Dark Water (2002)
Dark Water (2002)
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Critic Reviews for Dark Water
Its cleverness relies on transferring our concern from the supernatural events emanating from one lost child to the natural fear of a mother losing her own child to the other world.
It's flawed, but you should see Dark Water, a decent little chiller that brings a whole new meaning to rising damp.
Benefits from having an undercurrent of sadness, which makes it feel quite similar to the ghost stories in Kwaidan.
He [Nakata] wants us to absorb, to feel a location, and to understand the plight of the characters before he goes any further.
Audience Reviews for Dark Water
17/06/2010 (DVD) This is a classy horror that has a decent drama-style structure. It is a bit draggy at first but the interest keeps you there till the impact.. Although it's very predictable (most films are these days), I really didn't mind it, it's just like having a different drink with the same vitamins if you know what I mean. It's a different movie with the same outline. But like drinks, there are ones I like better than others, and this is one of them. A worthy play in my opinion, its suspenseful, dramatic, tragic and emotionally disturbing. A dreadful horror indeed!
Ringu director, Hideo Nakata, steps back into the Japanese horror scene with Dark Water. There is nothing really wrong with this picture, but there is also nothing really special either.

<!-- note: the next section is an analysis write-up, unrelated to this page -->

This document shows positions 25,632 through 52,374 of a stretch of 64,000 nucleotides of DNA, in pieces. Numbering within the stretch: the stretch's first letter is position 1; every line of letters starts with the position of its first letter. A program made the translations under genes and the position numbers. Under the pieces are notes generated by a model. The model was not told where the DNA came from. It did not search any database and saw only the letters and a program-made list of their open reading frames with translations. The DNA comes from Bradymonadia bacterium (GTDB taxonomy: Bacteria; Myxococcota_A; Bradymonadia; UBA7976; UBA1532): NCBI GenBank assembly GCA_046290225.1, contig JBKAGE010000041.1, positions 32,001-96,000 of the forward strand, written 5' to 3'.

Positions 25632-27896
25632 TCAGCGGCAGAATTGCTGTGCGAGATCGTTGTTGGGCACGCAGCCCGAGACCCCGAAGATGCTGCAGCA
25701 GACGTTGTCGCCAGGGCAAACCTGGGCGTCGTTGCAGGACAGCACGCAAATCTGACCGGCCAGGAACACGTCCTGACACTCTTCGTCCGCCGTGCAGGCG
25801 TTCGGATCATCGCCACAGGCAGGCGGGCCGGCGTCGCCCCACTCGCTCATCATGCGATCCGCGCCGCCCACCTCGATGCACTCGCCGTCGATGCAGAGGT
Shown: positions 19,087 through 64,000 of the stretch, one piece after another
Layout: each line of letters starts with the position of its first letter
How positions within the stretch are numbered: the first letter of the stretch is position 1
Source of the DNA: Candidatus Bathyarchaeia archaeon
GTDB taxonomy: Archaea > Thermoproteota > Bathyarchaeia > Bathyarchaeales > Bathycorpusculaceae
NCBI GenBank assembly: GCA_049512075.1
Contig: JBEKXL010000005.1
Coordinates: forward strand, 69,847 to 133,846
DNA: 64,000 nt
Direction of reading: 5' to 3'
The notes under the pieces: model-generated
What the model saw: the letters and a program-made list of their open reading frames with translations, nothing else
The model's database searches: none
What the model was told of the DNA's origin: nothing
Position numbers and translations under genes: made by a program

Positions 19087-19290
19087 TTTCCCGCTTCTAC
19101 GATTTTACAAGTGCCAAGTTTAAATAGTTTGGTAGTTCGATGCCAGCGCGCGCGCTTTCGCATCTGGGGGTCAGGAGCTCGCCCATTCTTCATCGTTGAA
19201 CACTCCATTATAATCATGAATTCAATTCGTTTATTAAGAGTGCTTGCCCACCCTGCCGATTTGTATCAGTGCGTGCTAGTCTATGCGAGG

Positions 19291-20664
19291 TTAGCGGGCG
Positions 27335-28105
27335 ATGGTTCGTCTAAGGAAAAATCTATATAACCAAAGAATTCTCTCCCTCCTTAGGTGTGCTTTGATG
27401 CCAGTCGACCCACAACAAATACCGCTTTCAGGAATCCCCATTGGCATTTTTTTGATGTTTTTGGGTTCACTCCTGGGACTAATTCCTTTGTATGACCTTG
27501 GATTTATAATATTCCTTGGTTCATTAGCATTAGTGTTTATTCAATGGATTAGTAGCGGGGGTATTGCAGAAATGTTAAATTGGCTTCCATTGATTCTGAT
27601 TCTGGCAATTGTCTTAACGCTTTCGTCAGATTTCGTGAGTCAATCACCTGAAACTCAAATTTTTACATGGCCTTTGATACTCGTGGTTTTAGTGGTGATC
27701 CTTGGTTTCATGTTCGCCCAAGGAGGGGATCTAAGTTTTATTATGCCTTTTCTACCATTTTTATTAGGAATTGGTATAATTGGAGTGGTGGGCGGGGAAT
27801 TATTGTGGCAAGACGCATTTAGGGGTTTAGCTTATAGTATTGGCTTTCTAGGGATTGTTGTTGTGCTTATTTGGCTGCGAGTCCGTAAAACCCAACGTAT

The story is slow going and is somewhat predictable. That shouldn't turn people away because horrors are all about the suspense and thrill ride. The run time is only 95 minutes and more than half of that is spent building up the story and the characters. This is fine and dandy, but there are times where this film spends too much time meandering on certain story elements, which makes for uneventful segments. Of course, people will say that all this just makes the ending that much more better.
The scares are scarce, however the suspense is definitely there, especially at the end. There are small hints and glimpses for the bulk of the film, but the last 20 minutes do get freaky. The usual girl with long hair character is frightening and even though it is unoriginal, it is still an effective element to this horror movie.
Hitomi Kuroki is an OK lead. There isn't enough screaming and kicking going on in here for her to show her stuff. Rio Kanno is quite entertaining as the young Ikuko. Male actors do exist in this picture and their acting is decent, but their characters are forgettable. Asami Mizukawa shows potential, however she is only there to add a little more story to the ending. "My mother was here all that time... protecting me."
Dark Water will not blow anybody away or scare the living daylights out of a person, but this is still a watch that isn't regrettable for Japanese horror fans.
This is my idea of a horror movie. No junk, no noise, no random jolts, but plenty of fear, delivered quietly and compactly, without fuss. It's the most suspenseful movie I've seen since "Ring," and I think it's even better. Like that movie, it put my stomach in knots to prep them for the chills, which rose up like waves out of calm water. I thought "Ring" rather like a Robert Aickman story; this is as near as a movie can come. The director has uncanny skill in knowing where to place the camera and how long to hold a shot. And the leading actress gives a wonderful performance. Her face in the elevator...but that would be giving it away. The conclusion is foreseeable--maybe the ends of all ghost stories are foreseeable--but nonetheless satisfying. If you like tales of quietly disturbing dread, this is one for you.
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